By 1072, in a desperate attempt to save Egypt, the Fatimid Caliph Abū Tamīm Ma'ad al-Mustansir Billah recalled general Badr al-Jamali, who was at the time the governor of Acre, Palestine. Badr al-Jamali led his troops into Egypt and was able to successfully suppress the different groups of the rebelling armies, largely purging the Turks in the process. Although the Caliphate was saved from immediate destruction, the decade long rebellion devastated Egypt and it was never able to regain much power, as a result, Badr al-Jamali was also made the vizier of the Fatimid caliph, becoming one of the first military viziers ("Amir al Juyush", Arabic: امير الجيوش‎, Commander of Forces of the Fatimids) who would dominate late Fatimid politics. Al-Jam`e Al-Juyushi (Arabic: الجامع الجيوشي‎, The Mosque of the Armies), or Juyushi Mosque, was built by Badr al-Jamali. The mosque was completed in 478 H/1085 AD under the patronage of then Caliph and Imam Ma'ad al-Mustansir Billah, it was built on an end of the Mokattam Hills, ensuring a view of the Cairo city.[22] This Mosque/mashhad was also known as a victory monument commemorating vizier Badr's restoration of order for the Imam Mustansir,[23] as the military viziers effectively became heads of state, the Caliph himself was reduced to the role of a figurehead. Badr al-Jamali's son, Al-Afdal Shahanshah, succeeded him in power as vizier.

After the eighteenth Imam, al-Mustansir Billah, the Nizari sect believed that his son Nizar was his successor, while another Ismāʿīlī branch known as the Mustaali (from whom the Dawoodi Bohra would eventually descend), supported his other son, al-Musta'li. The Fatimid dynasty continued with al-Musta'li as both Imam and Caliph, and those positions were held jointly until the 20th Imam, al-Amir bi-Ahkami l-Lah (1132 CE), at the death of Imam Amir, one branch of the Mustaali faith claimed that he had transferred the imamate to his son at-Tayyib Abi l-Qasim, who was then two years old. Another faction claimed Amir died without producing an heir, and supported Amir's cousin al-Hafiz as both the rightful Caliph and Imam, the al-Hafiz faction became the Hafizi Ismailis, who later converted during the rule of Sultan Ṣalāḥ ad-Dīn Yūsuf ibn Ayyūbi. The supporters of Tayyeb became the Tayyibi Ismāʿīlī. Tayyeb's claim to the imamate was endorsed by the Hurratu l-Malika ("the Noble Queen") Arwa al-Sulayhi, the Queen of Yemen. Arwa was designated a hujjah (a holy, pious lady), the highest rank in the Yemeni Dawat, by al-Mustansir in 1084 CE. Under Queen Arwa, the Dai al-Balagh (intermediary between the Imam in Cairo and local headquarters) Lamak ibn Malik and then Yahya ibn Lamak worked for the cause of the Fatimids, after seclusion of Imam Taiyab Dai given independent charge by Queen Arwa, and were called Dai al Mutlaq. First Dai Mutlaq was Syedna Zoib, common Dai of all Taiybians.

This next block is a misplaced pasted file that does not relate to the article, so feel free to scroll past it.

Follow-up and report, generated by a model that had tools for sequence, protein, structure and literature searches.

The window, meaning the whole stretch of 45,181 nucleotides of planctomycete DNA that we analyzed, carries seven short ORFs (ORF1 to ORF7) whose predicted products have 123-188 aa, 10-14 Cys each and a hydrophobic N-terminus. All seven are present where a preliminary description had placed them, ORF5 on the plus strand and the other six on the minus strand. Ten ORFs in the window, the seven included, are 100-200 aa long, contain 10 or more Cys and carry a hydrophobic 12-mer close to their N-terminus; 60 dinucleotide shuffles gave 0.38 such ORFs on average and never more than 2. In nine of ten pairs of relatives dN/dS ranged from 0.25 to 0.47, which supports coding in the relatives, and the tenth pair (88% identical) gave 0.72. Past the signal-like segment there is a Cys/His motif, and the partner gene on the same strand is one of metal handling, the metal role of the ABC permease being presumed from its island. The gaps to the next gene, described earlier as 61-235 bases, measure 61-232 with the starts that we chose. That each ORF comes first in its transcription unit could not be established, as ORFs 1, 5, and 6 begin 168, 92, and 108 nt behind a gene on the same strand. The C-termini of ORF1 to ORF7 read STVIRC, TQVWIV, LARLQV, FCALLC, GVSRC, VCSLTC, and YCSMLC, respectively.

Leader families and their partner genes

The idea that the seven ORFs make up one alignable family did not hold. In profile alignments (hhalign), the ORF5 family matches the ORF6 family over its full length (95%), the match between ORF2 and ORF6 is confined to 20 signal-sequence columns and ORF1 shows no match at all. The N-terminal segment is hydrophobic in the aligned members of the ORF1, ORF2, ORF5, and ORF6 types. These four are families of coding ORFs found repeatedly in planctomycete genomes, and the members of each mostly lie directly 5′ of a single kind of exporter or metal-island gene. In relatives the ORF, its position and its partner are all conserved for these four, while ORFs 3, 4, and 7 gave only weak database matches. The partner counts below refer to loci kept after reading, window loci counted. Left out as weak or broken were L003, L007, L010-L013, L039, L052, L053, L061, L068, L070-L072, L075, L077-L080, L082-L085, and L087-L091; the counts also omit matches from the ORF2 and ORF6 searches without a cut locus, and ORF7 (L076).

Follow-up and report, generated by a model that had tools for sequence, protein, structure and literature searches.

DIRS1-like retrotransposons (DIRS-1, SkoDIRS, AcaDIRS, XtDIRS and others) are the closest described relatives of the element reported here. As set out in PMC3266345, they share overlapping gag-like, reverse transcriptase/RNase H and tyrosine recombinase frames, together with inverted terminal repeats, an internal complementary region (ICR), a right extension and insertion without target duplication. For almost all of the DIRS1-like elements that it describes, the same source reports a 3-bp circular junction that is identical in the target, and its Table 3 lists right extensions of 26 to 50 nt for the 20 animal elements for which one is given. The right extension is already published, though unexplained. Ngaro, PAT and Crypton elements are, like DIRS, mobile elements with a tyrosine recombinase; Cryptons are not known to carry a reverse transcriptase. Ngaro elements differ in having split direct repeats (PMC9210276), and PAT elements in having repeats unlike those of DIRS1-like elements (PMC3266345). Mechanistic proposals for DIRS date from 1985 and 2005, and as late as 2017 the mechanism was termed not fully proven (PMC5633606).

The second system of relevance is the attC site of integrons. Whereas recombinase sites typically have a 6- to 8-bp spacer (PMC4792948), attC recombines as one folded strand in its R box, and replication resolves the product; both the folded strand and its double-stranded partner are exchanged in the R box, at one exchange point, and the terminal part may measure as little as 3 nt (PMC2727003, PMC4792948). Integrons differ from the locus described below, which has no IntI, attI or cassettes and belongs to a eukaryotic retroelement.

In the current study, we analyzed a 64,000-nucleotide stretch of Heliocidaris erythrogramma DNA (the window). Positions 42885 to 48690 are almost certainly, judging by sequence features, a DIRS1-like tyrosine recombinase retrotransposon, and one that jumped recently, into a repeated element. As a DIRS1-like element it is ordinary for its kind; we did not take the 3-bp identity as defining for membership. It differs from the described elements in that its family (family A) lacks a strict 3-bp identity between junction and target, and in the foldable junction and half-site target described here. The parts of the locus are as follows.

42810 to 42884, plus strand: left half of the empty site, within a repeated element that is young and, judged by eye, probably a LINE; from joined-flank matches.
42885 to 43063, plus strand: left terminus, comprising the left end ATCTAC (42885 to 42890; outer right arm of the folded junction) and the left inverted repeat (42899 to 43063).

Burial place of Fatimid, Mukhallafāt al-Rasul, Cairo, Egypt.

Fatimid caliphs / imams[edit]

  1. Abū Muḥammad 'Abdul-Lāh al-Mahdī bi'llāh (909–934) founder Fatimid dynasty
  2. Abū l-Qāsim Muḥammad al-Qā'im bi-Amr Allāh (934–946)
  3. Abū Ṭāhir Ismā'il al-Manṣūr bi-llāh (946–953)
  4. Abū Tamīm Ma'add al-Mu'izz li-Dīn Allāh (953–975) Egypt is conquered during his reign
  5. Abū Manṣūr Nizār al-'Azīz bi-llāh (975–996)
  6. Abū 'Alī al-Manṣūr al-Ḥākim bi-Amr Allāh (996–1021) The Druze religion is founded during the lifetime of Al-Hakim bi-Amr Allah.
  7. Abū'l-Ḥasan 'Alī al-Ẓāhir li-I'zāz Dīn Allāh (1021–1036)
  8. Abū Tamīm Ma'add al-Mustanṣir bi-llāh (1036–1094)
  9. al-Musta'lī bi-llāh (1094–1101) Quarrels over his succession led to the Nizari split.
  10. Abū 'Alī Mansur al-Āmir bi-Aḥkām Allāh (1101–1130) The Fatimid rulers of Egypt after him are not recognized as Imams by Mustaali/Taiyabi Ismailis.
  11. 'Abd al-Majīd al-Ḥāfiẓ (1130–1149) The Hafizi sect is founded with Al-Hafiz as Imam.
  12. al-Ẓāfir (1149–1154)
  13. al-Fā'iz (1154–1160)
  14. al-'Āḍid (1160–1171)

Burial places[edit]

There is the place known as "Al-Mashhad al-Hussaini" (Masjid Imam Husain, Cairo), wherein lie buried underground Twelve Fatimid Imams from 9th Taqi Muhammad to 20th Mansur al-Āmir, this place is also known as "Bāb Mukhallafāt al-Rasul" (door of remaining part of Rasul), where Sacred Hair [24][25] of Muhammad is preserved.

Decay and fall[edit]

In the 1040s, the Berber Zirids (governors of North Africa under the Fatimids) declared their independence from the Fatimids and their recognition of the Sunni Abbasid caliphs of Baghdad, which led the Fatimids to launch the devastating Banū Hilal invasions of North Africa. After about 1070, the Fatimid hold on the Levant coast and parts of Syria was challenged first by Turkic invasions, then the Crusades, so that Fatimid territory shrank until it consisted only of Egypt. The Fatimids gradually lost the Emirate of Sicily over thirty years to the Italo-Norman Roger I who was in total control of the entire island by 1091.

The reliance on the Iqta system also ate into Fatimid central authority, as more and more the military officers at the further ends of the empire became semi-independent.

After the decay of the Fatimid political system in the 1160s, the Zengid ruler Nūr ad-Dīn had his general, Shirkuh, seize Egypt from the vizier Shawar in 1169. Shirkuh died two months after taking power, and rule passed to his nephew, Saladin,[26] this began the Ayyubid Sultanate of Egypt and Syria.

Fatimid heritage[edit]